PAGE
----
There is no doubt technology – e-commerce platforms, social media and the ability to track customer behaviour – has made luxury sales to global customers easier and more efficient.  Once considered by the luxury industry as a platform on which to sell only lower-end goods, e-commerce has proven itself to be a trusted platform on which to buy high-priced items. As Toby Bateman, MD of online retailer Mr Porter, stated earlier this year: ‘8 years ago, [luxury menswear brands] thought there was no way anybody would spend more than £1,000 online for an item of clothing’. Mr Porter currently lists a £355,000 tourbillon sapphire crystal watch from Bell & Ross. 

And research has shown that luxury online sales continue to grow exponentially: in 2016, 8 per cent of European luxury goods were sold online whereas in 2018, the figure had increased to 19 per cent. According to a December 2016 report from Euromonitor, global digital luxury sales will increase at a compound annual growth rate (CAGR) of 8 per cent during 2016–2021 vs. 2 per cent for in-store. Nearly 80 per cent of luxury shopping is ‘digitally influenced’, be it via marketing, bloggers, reviews or social media (McKinsey 2018).

While luxury brands are now in a race to gain online customers, the misconception that customer service in the digital realm is less important than service in face-to-face sales still exists. This could hardly be further from the truth. While, just as with a successful Brexit plan, frictionless trade is key for successful online sales, it is also true that customer service is just as – if not more important, at times – than a quality product to promote client loyalty.

This means not just knowing your customer in order to sell them more, but having an expert team of customer service representatives available to answer calls when things online go off-piste. Regarding the former, digital marketing and data capture now allow companies to go beyond the typical customer segmentation allowing brands to create a more personalised experience for each of their customers. Even can advise on what it thinks you might want before you know you want it.  

Regarding the latter, every customer touchpoint is an extension of the brand – from the automated emails thanking the customer for his or her purchase to the returns process, giving companies the opportunity to command loyalty through excellent service. And luxury customers expect luxury service, whether online or in store. Did something go terribly wrong with an order? Did a customer just purchase a £355,000 watch online? If so, would a personal note or phone call be better placed than an automated email? Just because the transaction took place online doesn’t mean the customer service also needs to remain online.

And, of course, customers mix and match online and offline visits to their favourite brands. Tom and Ruth Chapman, founders of, opened a permanent store in Mayfair in 2018 in which anything available on their app which is not in the store can ‘be there in 90 minutes’. They noted the reason for opening the space: ‘for so many of the people who shop with us, the more they use digital, they’re also looking more and more for a cozy [sic], warm experience in an actual space.’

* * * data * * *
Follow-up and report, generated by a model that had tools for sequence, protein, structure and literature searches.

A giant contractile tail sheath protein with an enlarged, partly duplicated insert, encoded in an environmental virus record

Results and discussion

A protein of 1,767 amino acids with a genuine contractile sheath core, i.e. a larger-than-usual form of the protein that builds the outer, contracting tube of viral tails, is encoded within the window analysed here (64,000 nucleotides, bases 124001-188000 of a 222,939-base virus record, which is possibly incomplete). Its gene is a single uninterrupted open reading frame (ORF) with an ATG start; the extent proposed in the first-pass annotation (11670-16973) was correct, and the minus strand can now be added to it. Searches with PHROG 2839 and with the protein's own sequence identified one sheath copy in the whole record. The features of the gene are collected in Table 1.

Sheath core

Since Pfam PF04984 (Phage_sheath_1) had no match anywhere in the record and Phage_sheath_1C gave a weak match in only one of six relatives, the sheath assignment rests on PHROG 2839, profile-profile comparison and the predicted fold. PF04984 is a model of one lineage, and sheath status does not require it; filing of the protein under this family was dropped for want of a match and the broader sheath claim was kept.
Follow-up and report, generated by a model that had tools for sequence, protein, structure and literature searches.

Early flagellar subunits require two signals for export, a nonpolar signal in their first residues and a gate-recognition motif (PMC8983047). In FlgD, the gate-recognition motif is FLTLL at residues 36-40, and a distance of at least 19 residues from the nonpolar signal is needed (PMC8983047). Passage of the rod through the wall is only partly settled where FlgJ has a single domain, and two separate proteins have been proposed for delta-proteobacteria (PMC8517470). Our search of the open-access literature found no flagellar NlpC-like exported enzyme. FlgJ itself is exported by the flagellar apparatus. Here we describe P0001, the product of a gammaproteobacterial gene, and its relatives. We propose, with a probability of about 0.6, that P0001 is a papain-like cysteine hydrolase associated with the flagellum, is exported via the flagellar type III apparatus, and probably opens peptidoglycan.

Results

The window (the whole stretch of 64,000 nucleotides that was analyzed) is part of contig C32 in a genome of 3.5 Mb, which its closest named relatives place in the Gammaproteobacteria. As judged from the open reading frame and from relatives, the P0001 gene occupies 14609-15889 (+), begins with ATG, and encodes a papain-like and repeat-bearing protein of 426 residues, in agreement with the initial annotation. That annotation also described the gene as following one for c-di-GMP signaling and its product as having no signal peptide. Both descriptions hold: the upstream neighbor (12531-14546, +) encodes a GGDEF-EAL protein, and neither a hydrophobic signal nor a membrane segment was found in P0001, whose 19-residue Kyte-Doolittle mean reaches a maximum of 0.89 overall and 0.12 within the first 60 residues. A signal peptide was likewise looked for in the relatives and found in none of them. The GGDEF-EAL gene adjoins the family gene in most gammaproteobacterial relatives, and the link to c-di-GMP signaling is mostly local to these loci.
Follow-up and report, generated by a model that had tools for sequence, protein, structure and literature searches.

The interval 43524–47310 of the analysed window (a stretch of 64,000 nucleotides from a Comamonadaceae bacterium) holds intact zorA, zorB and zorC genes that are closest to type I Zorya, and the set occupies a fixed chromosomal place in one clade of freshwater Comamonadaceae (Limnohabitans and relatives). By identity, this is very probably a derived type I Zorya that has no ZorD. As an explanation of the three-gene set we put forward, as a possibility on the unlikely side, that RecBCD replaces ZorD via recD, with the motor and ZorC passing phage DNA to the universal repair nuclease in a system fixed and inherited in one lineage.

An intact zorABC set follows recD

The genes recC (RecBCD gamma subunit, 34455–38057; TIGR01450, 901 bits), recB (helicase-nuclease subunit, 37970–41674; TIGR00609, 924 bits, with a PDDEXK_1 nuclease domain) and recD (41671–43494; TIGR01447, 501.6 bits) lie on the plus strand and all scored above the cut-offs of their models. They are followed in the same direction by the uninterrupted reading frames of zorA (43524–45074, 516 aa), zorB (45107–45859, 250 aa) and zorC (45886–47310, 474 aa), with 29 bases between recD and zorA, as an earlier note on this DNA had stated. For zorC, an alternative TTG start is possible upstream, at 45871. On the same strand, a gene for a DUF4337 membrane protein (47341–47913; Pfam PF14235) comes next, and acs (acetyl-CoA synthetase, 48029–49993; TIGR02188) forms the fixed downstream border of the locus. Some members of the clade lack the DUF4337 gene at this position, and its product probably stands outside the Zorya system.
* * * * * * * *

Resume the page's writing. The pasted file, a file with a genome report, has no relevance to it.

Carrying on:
In-store, should there be any difference to how one treats online customers vs. regular bricks-and-mortar shoppers? And could staff tell those who prefer e-tail apart from those who prefer retail? Don’t assume it’s aged-based. According to McKinsey, the ‘Baby Boomer’ generation spends 16.4 hours per week on the Internet, vs. 17.5 logged by millennials, and 75 per cent of Boomers use social media, compared with 98 per cent of millennials (2018). A report by Google on how shoppers use digital media to research and buy luxury products showed the average age of a luxury shopper in the US, UK and Europe to be 46 and 75 per cent of all luxury shoppers in new and mature markets used the internet more than any other media in their purchase decisions.

Whether online or in store, brand loyalty needs to be nurtured, and rapport and trust with clients needs to be built. At Debrett’s, we work to help luxury retailers develop their staff to build lasting relationships has shown us the importance of balancing formality and approachability. In our British and International Business Etiquette course we teach how the choice of language and even a minimal knowledge of cultural courtesies are key requirements to successful transactions. For example, some cultures are known to be more direct than others; using straightforward language, minimising small talk and immediately addressing important issues such as availability and price will be appreciated. For other cultures, this level of directness would be considered rude. More passive language, small talk and constant reading of the customer’s body language to gauge his or her level of comfort can ensure a positive experience.

The digital age has automated so many tasks which once required face-to-face interaction, meaning it is more important than ever that these few opportunities to interact in person go well. Brands must ensure their staff have the confidence and soft skills to approach and assist customers as well as diffuse difficult situations. Of course, they must also ensure their digital customers feel just as valued, with excellent, personalised customer service. This may seem like double the effort, but it’s also double the opportunity to sell luxury goods.

Words by: Rupert Wesson, Academy Director at Debrett’s

Image credit: Debrett’s training at Gieves & Hawkes